Canadian Association of Physicists ASSOCIATION CANADIENNE DES


2004 CAP Medal for Lifetime Achievement in Physics

will be awarded to


"I am deeply honoured to receive the CAP Medal of Achievement, and would like to share this honour with the many collaborators, graduate students, and post doctoral fellows without whom it would not have been possible. I would also like to thank Simon Fraser University for having provided a tremendously supportive research environment and NSERC, for doing what it does so well."

Dr. Michael ThewaltThe Canadian Association of Physicists (CAP) is pleased to announce that the 2004 CAP Medal for Lifetime Achievement in Physics is awarded to Dr. Michael Thewalt, Simon Fraser University, for his advances in the study of silicon and semiconductors and for his breadth as an experimentalist.

Following his bachelors degree from McMaster in 1972, Mike Thewalt alternated between the east and west coasts, with graduate work at UBC and postdoctoral studies at IBM in Yorktown Heights, before finally settling on a west coast locale at Simon Fraser University in 1980. His observations of bound multi-exciton complexes in silicon brought him international attention, and he was awarded a Sloan Fellowship in 1982. His early fascination with the optical properties of silicon has developed into a broad program of semiconductor research, which even included an important application in the rather unrelated field of archeometry.

Silicon is one of the most important industrial materials of the modern day, and judging by Michael's most recent work, its intriguing optical properties are far from being fully catalogued or understood. Michael's research concentrates on the energy spectra and lifetimes of excitons, the electron-hole analogues of the electron-proton bound state that is the hydrogen atom. Pivotal to the development and testing of the theoretical description of excitons, his work includes definitive studies of bound multi-exciton complexes, biexcitons, and, in 1987, the first observation of polyexcitons, whose existence had been predicted by Kittel a decade and a half earlier. Polyexcitons are the solid state representation of a collective state of individual excitons. Over the last 15 years, these fundamental studies expanded into a broad assault on the properties of semiconductors, including many systems of considerable technological importance, such as strained SiGe/Si heterostructures, and most recently, GaAsSb/InP heterostructures.

The measurement of exciton linewidths in high-quality samples often requires much higher precision than is available from conventional instruments, and one of Thewalt's many strengths has been the continued introduction of new instrumentation to make these measurements possible. He deserves credit for the development of such tongue-twisting techniques as Fourier-transform far-infra photoinduced absorption spectroscopy and near-infrared high-resolution Fourier-transform photoluminescence spectroscopy. Michael's breadth as an experimentalist is evidenced by his interdisciplinary collaborations, which have ranged from archeometry to the study of photosynthesis. For example, the method that he co-developed for the optical dating of sediments is finding widespread application in archeology and is his most heavily cited paper.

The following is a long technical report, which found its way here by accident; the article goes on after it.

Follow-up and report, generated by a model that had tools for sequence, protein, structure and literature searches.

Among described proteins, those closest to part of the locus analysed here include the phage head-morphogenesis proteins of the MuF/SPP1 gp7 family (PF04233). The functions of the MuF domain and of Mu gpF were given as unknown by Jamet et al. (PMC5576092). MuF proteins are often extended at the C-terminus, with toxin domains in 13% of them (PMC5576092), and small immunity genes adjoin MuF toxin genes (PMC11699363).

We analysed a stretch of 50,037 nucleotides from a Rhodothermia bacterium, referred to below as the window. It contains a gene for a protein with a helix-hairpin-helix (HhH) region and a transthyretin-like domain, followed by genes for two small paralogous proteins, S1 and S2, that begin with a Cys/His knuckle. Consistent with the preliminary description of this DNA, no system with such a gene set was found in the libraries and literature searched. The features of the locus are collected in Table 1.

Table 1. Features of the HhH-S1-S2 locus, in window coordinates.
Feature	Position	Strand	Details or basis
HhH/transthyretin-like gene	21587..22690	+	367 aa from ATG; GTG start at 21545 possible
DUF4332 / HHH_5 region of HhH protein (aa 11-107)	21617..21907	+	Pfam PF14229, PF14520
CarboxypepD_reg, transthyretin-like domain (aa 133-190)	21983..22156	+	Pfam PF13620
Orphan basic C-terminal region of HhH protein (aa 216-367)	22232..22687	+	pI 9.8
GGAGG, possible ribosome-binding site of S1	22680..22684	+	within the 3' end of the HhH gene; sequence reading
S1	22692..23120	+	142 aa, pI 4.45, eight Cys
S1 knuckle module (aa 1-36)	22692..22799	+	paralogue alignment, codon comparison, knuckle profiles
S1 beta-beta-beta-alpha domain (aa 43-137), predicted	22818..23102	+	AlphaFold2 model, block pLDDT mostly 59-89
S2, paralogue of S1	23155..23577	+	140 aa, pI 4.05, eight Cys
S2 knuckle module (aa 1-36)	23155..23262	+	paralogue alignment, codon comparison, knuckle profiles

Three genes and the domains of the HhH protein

Outside of the lab, Mike Thewalt's contributions to the Canadian physics community have included substantial committee responsibilities with NSERC, IUPAP, and the executive of CAP, including its presidency. He was founding member of the Pacific Centre for Advanced Materials and Microstructure in Vancouver, and committed many stressful and sometimes frustrating hours to the NSERC reallocation process. Recognition of his work can be seen in the awards that he has received, such as the Rutherford Medal of the Royal Society of Canada (1994) and the Gold Medal of the BC Science Council (1987). Not unexpectedly, Michael has been made a fellow of the American Physical Society, the Royal Society of Canada, and the Institute of Physics. For 2004, he is one of nine recipients nationally of a fellowship from the Killam Foundation.

The CAP Medal for Lifetime Achievement in Physics was introduced in 1956 and is awarded annually. Dr. Thewalt will receive the 2004 Prize during the CAP's awards banquet to be held at the Delta Hotel in Winnipeg on June 15th, 2004.

The Canadian Association of Physicists, founded in 1945, is a professional association representing over 1600 individual physicists and physics students in Canada, the U.S. and overseas, as well as a number of Corporate and Departmental Members. In addition to its learned activities, the CAP also undertakes a number of activities intended to encourage students to pursue a career in physics.

For more information, please contact:

Canadian Association of Physicists
Tel: (613) 562-5614
Fax: (613) 562-5615